Personalised recommendations. Cite article How to cite? ENW EndNote. Share article. Indeed, reports of prostate cancer have been limited to a few case reports.

Cross-sex hormone treatment affects secondary sex characteristics of transgender women, making them more feminine in appearance; however, it has little effect on the primary sex organs except to cause some testicular atrophy. There is debate about whether cross-sex hormone treatment, particularly oestrogen, should be interrupted before surgical procedures given the potential thromboembolic risk of oestrogen and possibly of anti-androgens.

Many centres advise transgender women to cease oestrogen use at least 2—4 weeks before any major surgery and do not re-initiate oestrogen treatment until the postoperative patient is fully ambulatory. Cross-sex hormone treatment in transgender women reduces sperm quantity and quality, and eventually results in irreversible infertility, even after cross-sex hormone treatment is stopped. Many transgender women desire the opportunity to have their own biological children in the future, and seek cryopreservation of their sperm.

Because cross-sex hormone treatment can reduce sperm number and quality, it is important to discuss fertility issues before the start of hormonal treatment. Physicians should also remind transgender women that cross-sex hormone treatment is not an effective contraceptive. Concentrations of sex hormones vary with age.

Whereas sex hormone concentrations increase during puberty in both sexes, there is a difference between men and women in the decline of circulating sex hormones. In men, there is a gradual decline of circulating testosterone, whereas in women there is a sudden decrease in circulating oestrogen after menopause.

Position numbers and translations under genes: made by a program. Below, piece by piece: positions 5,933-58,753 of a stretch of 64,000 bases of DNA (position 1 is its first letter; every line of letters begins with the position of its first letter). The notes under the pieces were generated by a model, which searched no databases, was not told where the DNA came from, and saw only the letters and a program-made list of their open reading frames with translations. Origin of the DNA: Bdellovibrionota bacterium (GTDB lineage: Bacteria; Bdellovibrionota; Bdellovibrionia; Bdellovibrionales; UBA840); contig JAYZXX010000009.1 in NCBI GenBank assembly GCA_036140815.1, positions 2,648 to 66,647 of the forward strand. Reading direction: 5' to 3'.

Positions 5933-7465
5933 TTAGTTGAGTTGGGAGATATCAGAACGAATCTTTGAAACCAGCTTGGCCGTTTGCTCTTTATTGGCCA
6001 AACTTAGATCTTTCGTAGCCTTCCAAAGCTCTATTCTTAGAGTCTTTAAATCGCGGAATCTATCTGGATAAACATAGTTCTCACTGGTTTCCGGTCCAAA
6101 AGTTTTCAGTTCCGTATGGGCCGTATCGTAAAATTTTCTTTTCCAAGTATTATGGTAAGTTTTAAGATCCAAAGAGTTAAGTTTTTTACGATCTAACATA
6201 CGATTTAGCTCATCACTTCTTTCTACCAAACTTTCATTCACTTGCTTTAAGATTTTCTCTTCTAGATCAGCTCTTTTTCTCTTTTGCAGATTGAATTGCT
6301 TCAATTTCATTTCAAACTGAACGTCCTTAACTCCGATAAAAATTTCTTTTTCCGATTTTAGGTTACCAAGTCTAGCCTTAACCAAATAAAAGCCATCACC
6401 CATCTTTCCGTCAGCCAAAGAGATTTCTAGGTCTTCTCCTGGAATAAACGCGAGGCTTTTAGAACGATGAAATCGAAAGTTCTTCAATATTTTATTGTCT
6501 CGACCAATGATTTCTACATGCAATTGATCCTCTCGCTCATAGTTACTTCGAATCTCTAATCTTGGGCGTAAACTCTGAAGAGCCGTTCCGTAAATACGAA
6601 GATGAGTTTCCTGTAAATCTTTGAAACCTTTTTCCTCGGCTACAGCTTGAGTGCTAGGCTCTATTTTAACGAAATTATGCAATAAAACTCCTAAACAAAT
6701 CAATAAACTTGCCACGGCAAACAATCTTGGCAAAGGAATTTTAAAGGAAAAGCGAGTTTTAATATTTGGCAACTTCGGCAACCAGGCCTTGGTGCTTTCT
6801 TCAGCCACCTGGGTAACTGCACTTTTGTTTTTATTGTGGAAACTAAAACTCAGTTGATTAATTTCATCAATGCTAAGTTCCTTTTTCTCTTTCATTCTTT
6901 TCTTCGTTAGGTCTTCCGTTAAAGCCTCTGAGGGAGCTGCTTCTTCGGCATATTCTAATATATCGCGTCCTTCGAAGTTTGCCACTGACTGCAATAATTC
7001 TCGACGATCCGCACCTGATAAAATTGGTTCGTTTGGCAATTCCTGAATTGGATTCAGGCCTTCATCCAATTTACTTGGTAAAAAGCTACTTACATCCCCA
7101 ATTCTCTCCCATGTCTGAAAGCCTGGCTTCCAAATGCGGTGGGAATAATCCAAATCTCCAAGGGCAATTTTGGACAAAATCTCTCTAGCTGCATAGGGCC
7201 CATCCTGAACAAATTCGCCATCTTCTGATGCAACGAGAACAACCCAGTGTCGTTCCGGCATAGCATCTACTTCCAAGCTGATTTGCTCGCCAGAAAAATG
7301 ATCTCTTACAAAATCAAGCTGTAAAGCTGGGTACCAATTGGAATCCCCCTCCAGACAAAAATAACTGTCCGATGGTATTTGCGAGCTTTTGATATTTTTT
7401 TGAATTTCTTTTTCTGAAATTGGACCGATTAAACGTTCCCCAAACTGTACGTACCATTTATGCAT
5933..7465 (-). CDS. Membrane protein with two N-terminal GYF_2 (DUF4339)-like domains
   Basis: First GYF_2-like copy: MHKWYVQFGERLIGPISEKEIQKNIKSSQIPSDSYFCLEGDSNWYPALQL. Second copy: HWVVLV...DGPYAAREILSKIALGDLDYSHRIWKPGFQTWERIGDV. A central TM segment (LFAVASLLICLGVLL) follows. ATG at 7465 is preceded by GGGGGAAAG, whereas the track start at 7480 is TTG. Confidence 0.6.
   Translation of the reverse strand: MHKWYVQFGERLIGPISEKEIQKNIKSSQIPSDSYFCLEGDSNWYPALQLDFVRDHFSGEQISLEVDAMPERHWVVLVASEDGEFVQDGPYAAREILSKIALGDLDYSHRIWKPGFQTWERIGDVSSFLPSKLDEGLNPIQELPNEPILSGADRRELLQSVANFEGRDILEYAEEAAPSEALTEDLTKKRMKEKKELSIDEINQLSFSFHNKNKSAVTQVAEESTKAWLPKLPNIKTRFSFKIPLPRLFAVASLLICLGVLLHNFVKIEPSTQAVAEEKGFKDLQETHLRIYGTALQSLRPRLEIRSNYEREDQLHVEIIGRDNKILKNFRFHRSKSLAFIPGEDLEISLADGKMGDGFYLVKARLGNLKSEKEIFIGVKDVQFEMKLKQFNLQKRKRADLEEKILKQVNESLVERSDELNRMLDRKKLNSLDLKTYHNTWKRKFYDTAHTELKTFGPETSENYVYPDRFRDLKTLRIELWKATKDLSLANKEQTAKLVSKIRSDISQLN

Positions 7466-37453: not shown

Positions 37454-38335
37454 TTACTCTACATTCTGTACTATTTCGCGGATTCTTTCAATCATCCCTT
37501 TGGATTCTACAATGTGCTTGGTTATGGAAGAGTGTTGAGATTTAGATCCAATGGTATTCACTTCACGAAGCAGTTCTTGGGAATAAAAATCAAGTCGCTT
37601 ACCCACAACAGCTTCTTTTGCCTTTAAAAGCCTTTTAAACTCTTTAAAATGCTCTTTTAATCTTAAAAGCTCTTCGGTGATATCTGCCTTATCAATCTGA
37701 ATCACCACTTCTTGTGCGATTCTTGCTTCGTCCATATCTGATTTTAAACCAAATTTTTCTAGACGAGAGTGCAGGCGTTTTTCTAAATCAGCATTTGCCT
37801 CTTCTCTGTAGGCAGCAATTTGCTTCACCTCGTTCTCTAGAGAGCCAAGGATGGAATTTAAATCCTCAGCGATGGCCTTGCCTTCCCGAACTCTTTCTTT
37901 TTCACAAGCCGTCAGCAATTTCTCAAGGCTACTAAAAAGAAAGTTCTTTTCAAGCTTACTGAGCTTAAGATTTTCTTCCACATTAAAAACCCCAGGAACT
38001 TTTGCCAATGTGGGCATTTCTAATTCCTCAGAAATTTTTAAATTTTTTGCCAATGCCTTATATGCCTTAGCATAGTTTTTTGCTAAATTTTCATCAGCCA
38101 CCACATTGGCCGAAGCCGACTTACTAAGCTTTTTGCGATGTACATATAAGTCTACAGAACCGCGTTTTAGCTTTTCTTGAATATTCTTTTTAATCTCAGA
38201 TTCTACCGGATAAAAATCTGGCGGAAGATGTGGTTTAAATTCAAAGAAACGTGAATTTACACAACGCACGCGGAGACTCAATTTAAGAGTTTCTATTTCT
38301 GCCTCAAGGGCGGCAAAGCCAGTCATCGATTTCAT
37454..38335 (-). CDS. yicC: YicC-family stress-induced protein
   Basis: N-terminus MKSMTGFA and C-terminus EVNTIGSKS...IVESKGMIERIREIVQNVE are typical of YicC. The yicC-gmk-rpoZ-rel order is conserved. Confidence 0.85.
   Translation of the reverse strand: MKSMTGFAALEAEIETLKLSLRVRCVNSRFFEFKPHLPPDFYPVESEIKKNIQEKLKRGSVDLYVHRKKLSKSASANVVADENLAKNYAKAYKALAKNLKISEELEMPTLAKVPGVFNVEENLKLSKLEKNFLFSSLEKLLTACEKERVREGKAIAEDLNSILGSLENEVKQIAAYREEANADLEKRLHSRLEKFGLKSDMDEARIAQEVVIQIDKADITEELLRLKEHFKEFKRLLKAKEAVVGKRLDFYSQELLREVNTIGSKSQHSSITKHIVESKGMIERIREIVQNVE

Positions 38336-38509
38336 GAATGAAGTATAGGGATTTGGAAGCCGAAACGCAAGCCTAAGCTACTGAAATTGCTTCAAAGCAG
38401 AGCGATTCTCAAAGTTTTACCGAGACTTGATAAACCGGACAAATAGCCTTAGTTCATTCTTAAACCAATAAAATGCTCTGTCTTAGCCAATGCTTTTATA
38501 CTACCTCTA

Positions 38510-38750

There is compelling evidence in cis-women that an earlier start of menopause is associated with an increased risk of osteoporosis and cardiovascular disease, whereas a later start is associated with an increased risk of uterine and breast cancer. The increased risk of breast cancer and coronary heart disease was not seen in women receiving oestrogen alone, without progestogens.

In our opinion, it seems prudent to discuss with the patient the possibility of gradually tapering their oestrogen dose at an advanced age, as is done in some transgender health clinics eg, in the Netherlands.

Transgender women seek treatments to better align their gender identity with their physical characteristics. Endocrine treatment remains a key component of care for transgender women. Although no randomised trials are available, hormonal and surgical treatment has been shown in several cohort studies to lead to a clear improvement in psychological wellbeing and quality of life.

Health-care providers should understand that there is a wide spectrum of gender non-conforming conditions and that hormonal therapy is only one aspect of medical care. Health professionals should be aware of the WPATH standards of care and the Endocrine Society guidelines, both of which provide guidance on how to initiate and monitor hormone treatment.

The recommendations are based on the currently available published evidence; however, most of the available evidence comes from low-quality studies. It might be difficult to conduct randomised controlled studies with sufficient power to answer specific questions related to transgender women. Results of large cohort studies have shown that, generally, when oestrogens are taken under medical supervision, the risks of adverse events are low.